Mid-South Eventing & Dressage Association

  • Home
  • MSEDA News
  • Serendipity: Two Junior MSEDA Members Gifted Clinic Rides With International Eventer

Serendipity: Two Junior MSEDA Members Gifted Clinic Rides With International Eventer

01/25/2019 1:18 PM | Anthony Trollope (Administrator)

The horse show world is a small one that becomes even more tightknit as you drill down into the breeds and disciplines. MSEDA is full of kind, generous members, but the efforts that went into helping two junior members attend the Lynn Symansky clinic is nothing short of astounding.

By Sarah E. Coleman
Photos: Sweet Shots

 Photo by Sweet Shots  Photo by Sweet Shots

This past December, two unsuspecting MSEDA Junior members were offered an amazing opportunity: The ability to ride in a clinic with international four-star event rider Lynn Symansky.

Ruth Rosendaul, 15, and Eleanor “Nora” Brown, 14, were delighted at the thought of auditing the Lynn Symansky clinic at Majestic Farm in Batavia, Ohio. Though one girl couldn’t go because of lack of transportation and the other couldn’t attend because of financial strain, the eventing community made silk out of a sow’s ear when two already-registered horses were unable to attend the clinic: They gifted their spots to the two passionate junior members.

The Riders Repertoires

Nora has been riding Stone Place Stables since she was 5; she now rides with Debbie Iezzi. She rides her own horse, Leal, who was purchased by her parents on Dec. 6, 2016. Nora competes at Beginner Novice and will begin competing at Novice in 2019. She’s been riding for almost 9 years and has been competing 6 or 7 of those years, says her mom, Megan.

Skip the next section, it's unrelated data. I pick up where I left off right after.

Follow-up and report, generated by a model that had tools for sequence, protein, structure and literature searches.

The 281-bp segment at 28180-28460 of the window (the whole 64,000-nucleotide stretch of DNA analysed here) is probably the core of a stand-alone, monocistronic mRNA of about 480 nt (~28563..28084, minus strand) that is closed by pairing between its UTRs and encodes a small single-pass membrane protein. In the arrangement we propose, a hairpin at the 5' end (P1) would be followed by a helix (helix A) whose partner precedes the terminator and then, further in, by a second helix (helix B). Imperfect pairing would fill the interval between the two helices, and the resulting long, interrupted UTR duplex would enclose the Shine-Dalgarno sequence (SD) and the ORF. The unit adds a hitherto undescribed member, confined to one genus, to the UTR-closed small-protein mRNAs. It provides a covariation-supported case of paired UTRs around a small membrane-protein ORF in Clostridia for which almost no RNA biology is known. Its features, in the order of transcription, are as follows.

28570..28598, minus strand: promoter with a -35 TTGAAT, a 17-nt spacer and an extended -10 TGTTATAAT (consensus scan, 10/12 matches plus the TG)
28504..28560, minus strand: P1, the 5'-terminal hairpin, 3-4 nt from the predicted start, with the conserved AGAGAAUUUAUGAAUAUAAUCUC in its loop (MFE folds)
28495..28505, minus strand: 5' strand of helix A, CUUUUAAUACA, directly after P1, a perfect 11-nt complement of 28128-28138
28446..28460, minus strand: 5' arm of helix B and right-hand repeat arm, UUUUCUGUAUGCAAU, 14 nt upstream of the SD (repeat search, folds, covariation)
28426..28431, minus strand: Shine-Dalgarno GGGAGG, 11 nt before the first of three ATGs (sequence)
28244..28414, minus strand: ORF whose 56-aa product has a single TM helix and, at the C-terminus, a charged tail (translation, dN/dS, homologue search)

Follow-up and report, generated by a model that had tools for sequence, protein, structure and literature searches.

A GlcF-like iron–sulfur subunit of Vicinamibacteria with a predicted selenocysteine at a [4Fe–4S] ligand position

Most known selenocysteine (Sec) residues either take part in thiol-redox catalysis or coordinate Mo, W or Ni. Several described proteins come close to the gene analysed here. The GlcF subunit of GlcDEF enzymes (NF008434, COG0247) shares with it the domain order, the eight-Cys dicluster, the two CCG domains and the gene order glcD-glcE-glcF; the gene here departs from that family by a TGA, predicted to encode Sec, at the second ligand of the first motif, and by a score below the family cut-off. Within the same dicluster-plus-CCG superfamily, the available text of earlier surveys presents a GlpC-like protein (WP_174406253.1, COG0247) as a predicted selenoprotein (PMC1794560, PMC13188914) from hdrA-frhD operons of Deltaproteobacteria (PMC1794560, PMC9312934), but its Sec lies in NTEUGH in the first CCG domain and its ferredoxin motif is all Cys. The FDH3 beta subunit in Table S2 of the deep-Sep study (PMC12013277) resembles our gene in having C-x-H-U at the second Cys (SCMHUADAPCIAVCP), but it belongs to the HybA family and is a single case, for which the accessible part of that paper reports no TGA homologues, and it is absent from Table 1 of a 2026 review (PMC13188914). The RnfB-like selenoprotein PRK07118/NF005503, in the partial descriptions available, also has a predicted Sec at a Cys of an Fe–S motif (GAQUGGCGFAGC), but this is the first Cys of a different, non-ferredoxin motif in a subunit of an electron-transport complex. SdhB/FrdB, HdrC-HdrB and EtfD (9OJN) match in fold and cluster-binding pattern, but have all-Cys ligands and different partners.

Ruth began taking lessons when she was about 7 years old, though she went to pony camp the two years prior. She currently rides Kaloosh with trainer Angela Ariatti out of Simpsonville, KY.

The story of Ruth and Kaloosh is truly one every horse-crazy kid has dreamed of. “My parents told me for a year we would never own a horse,” says Ruth. “They lied! I got Kaloosh on December 24, 2015. It was their plan all along to buy him as a surprise for me.”

“Now they say I will never have a second horse … I hope they are lying there, too!” Ruth says with a smile. Kaloosh, an OTTB, was sent to Angela’s to be a lesson horse. Though originally scared to ride him, Ruth got to know—and love—Kaloosh. “We’ve worked very hard for several years. He’s turned out to be a great horse, with a lot of hard work from both of us,” Ruth explains.

More Surprises in Store

Ruth has been in the show ring for four years; last year she competed at USPC Championships in Tryon, N.C., and qualified for AECs, but she didn’t attend because of the distance to get to the competition venue. “We currently compete at Training and are having more fun that we should be,” she laughs.

A perfect candidate for the clinic, Ruth is hungry. Hungry for knowledge, hungry for information and hungry to watch good riders ride. “My mom originally told me about the clinic when we signed up for the MSEDA banquet, and I thought it would be a cool opportunity to watch and learn because we didn’t have a ride for Kaloosh up to Ohio,” she explains. “We don’t own a trailer and have to rely on others for rides. My trainer had just had shoulder surgery and couldn’t help me, but I was happy with the thought of auditing the clinic! Just the chance to meet [Lynn Symansky] after cheering her on at Rolex for years was exciting. Little did I know that my dream of riding with her would actually happen!”

Ruth’s mom, Rachael Rosendaul, got a call from Julie Congleton a few days before the banquet, saying another rider in the clinic had to scratch because her horse was hurt and that she wanted to gift her entry fee to a junior rider.

“Julie knew I would be auditing the clinic and asked if we wanted the spot,” Ruth explained. “My mom explained to Julie that we didn’t have a ride for Kaloosh … Julie, my mom and Angela started calling people to see if we could find a ride.”